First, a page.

limbic system


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limbic system

n.
A group of interconnected deep brain structures common to all mammals, including the hippocampus and amygdala, involved in olfaction, emotion, motivation, behavior, and various autonomic functions.

limbic system

(ˈlɪmbɪk)
n
(Anatomy) the part of the brain bordering on the corpus callosum: concerned with basic emotion, hunger, and sex
[C19 limbic, from French limbique, from limbe limbus, from New Latin limbus, from Latin: border]

lim′bic sys`tem


n.
a group of structures in the brain that include the hippocampus, olfactory bulbs, hypothalamus, and amygdala and are associated with emotion and homeostasis.
[1950–55]

limbic system

- From Latin limbus, "edge," it is the network of the brain involving areas near the edge of the cortex and controls the basic emotions and drives.
See also related terms for network.

limbic system

Part of the forebrain encircling the brain stem and largely involved in emotional responses.
ThesaurusAntonymsRelated WordsSynonymsLegend:
Noun1.limbic system - a system of functionally related neural structures in the brain that are involved in emotional behaviorlimbic system - a system of functionally related neural structures in the brain that are involved in emotional behavior
trigonum cerebrale, fornix - an arched bundle of white fibers at the base of the brain by which the hippocampus of each hemisphere projects to the contralateral hippocampus and to the thalamus and mamillary bodies
neural structure - a structure that is part of the nervous system
amygdala, amygdaloid nucleus, corpus amygdaloideum - an almond-shaped neural structure in the anterior part of the temporal lobe of the cerebrum; intimately connected with the hypothalamus and the hippocampus and the cingulate gyrus; as part of the limbic system it plays an important role in motivation and emotional behavior
hippocampus - a complex neural structure (shaped like a sea horse) consisting of grey matter and located on the floor of each lateral ventricle; intimately involved in motivation and emotion as part of the limbic system; has a central role in the formation of memories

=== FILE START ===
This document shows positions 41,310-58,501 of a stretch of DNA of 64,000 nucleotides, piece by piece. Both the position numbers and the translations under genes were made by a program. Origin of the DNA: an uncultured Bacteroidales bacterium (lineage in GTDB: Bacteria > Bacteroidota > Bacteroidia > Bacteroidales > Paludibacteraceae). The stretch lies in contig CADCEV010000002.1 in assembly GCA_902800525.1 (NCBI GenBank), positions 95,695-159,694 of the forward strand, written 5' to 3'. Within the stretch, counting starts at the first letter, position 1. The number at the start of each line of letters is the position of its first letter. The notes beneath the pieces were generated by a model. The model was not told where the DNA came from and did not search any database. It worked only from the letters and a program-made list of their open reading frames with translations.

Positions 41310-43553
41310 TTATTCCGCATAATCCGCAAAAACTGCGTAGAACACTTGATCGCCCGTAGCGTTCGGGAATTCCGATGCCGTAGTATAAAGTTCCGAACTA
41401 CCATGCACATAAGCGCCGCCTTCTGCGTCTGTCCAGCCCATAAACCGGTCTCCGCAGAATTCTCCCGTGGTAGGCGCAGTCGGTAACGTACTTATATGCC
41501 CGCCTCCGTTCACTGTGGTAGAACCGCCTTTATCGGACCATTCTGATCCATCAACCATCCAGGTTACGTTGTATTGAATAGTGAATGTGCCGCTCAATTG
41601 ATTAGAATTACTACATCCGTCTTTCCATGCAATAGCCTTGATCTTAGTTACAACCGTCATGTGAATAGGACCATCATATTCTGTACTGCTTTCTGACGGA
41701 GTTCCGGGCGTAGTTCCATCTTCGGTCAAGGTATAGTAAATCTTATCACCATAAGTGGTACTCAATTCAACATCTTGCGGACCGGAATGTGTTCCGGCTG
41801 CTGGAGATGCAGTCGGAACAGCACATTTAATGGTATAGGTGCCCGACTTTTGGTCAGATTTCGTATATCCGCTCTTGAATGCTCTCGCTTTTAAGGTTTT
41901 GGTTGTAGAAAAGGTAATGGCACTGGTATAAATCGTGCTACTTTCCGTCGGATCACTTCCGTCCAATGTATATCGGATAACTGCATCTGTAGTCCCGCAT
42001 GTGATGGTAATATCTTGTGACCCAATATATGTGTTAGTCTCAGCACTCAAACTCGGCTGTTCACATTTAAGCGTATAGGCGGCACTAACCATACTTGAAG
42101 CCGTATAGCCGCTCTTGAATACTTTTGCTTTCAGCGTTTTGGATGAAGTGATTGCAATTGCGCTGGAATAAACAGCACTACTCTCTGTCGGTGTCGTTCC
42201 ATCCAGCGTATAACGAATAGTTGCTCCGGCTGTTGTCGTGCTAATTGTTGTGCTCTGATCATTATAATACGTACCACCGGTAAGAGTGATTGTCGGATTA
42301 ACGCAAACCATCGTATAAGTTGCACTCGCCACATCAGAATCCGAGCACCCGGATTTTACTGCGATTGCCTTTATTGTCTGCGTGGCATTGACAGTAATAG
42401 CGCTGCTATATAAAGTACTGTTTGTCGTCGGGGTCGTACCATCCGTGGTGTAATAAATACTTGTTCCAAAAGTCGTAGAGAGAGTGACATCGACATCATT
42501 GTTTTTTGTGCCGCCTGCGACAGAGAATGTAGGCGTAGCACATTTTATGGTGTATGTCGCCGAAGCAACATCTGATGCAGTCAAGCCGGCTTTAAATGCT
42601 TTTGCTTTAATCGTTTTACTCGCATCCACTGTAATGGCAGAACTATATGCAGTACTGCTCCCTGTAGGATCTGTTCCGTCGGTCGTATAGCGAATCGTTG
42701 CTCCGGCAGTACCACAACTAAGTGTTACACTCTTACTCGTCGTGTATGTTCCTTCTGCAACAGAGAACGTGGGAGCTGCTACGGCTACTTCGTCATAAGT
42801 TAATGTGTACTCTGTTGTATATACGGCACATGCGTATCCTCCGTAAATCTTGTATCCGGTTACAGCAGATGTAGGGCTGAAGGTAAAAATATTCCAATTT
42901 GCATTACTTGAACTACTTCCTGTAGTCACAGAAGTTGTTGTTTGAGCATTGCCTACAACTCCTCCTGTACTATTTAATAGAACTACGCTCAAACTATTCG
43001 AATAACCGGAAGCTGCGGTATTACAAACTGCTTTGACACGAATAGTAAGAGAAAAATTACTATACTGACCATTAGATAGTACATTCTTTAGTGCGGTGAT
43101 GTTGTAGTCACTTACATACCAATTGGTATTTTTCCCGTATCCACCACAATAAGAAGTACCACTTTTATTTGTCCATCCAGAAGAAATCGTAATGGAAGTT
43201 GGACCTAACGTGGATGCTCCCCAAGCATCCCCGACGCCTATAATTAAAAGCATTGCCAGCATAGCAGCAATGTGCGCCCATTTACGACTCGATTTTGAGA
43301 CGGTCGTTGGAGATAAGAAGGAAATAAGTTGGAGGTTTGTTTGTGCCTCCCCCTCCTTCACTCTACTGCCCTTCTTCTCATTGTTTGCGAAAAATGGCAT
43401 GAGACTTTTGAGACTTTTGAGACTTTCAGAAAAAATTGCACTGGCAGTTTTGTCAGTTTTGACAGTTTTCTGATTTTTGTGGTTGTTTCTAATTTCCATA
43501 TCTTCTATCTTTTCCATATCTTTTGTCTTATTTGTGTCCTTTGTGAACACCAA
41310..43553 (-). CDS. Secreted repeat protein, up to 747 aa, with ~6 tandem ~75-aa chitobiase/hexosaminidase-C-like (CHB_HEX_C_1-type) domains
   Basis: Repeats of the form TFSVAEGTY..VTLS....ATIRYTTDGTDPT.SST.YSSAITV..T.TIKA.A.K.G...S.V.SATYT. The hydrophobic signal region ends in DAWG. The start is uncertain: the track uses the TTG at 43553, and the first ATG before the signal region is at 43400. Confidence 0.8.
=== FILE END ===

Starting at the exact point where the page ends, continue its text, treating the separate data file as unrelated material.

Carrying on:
cingulate gyrus, gyrus cinguli - a long curved structure on the medial surface of the cerebral hemispheres; the cortical part of the limbic system
Translations

lim·bic sys·tem

n. sistema límbico, grupo de estructuras cerebrales.
References in periodicals archive ?
In modern human beings who are less likely to be lunch for some saber-toothed tiger, the limbic system has evolved into a storehouse for rules of thumb, or heuristics, that we rely on to make most of our routine decisions without really thinking about them.
The endocannabinoid system in the human body operates via one of the oldest structures in the brain, the limbic system, which regulates most basic functions commanding daily life.
We may have a three-pound neocortex, but our deeply rooted limbic system makes us bigoted, capricious, irrational, petty, and sometimes just stupid.
The development of the limbic system reflects the importance of emotions for social organisation and survival among mammals.
Much of our knowledge of the limbic system comes from studying the behaviour of animals and from people who have damage or disease in the limbic area.
Mesolimbic dopamine system: System of interconnected brain regions consisting of the ventral tegmental area, nucleus accumbens, and components of the limbic system, such as the amygdala; is considered the brain's reward pathway that mediates the rewarding effects associated with alcohol and other drug use as well as other experiences.
Drugs act on the limbic system, which includes the pleasure center of the brain.
You need to have something to affect the limbic system of the brain that will then help every aspect of your body - that's what they do, they trigger responses in the limbic system.
Finally the book links it all together with the integration of the motor control, hypothalamus and limbic system, smell, taste and pain.
Much of this research has focused on the potential role of hypoactivity of the limbic system, particularly the fear-mediating structures contained within the amygdala- Conduct-disordered individuals with CU traits show less heart-rate variability in response to sadness-inducing film clips (J.
Citing research in cognitive science, Nietzsche, psychoanalysis, primatology, and postmodern theory, he traces the ancient roots of theater to the right/left brain hemisphere struggle between primitive limbic system emotion and higher-order cortical functions.
The limbic system is also involved in feelings of pleasure that are related to our survival, such as those experienced from eating and sex.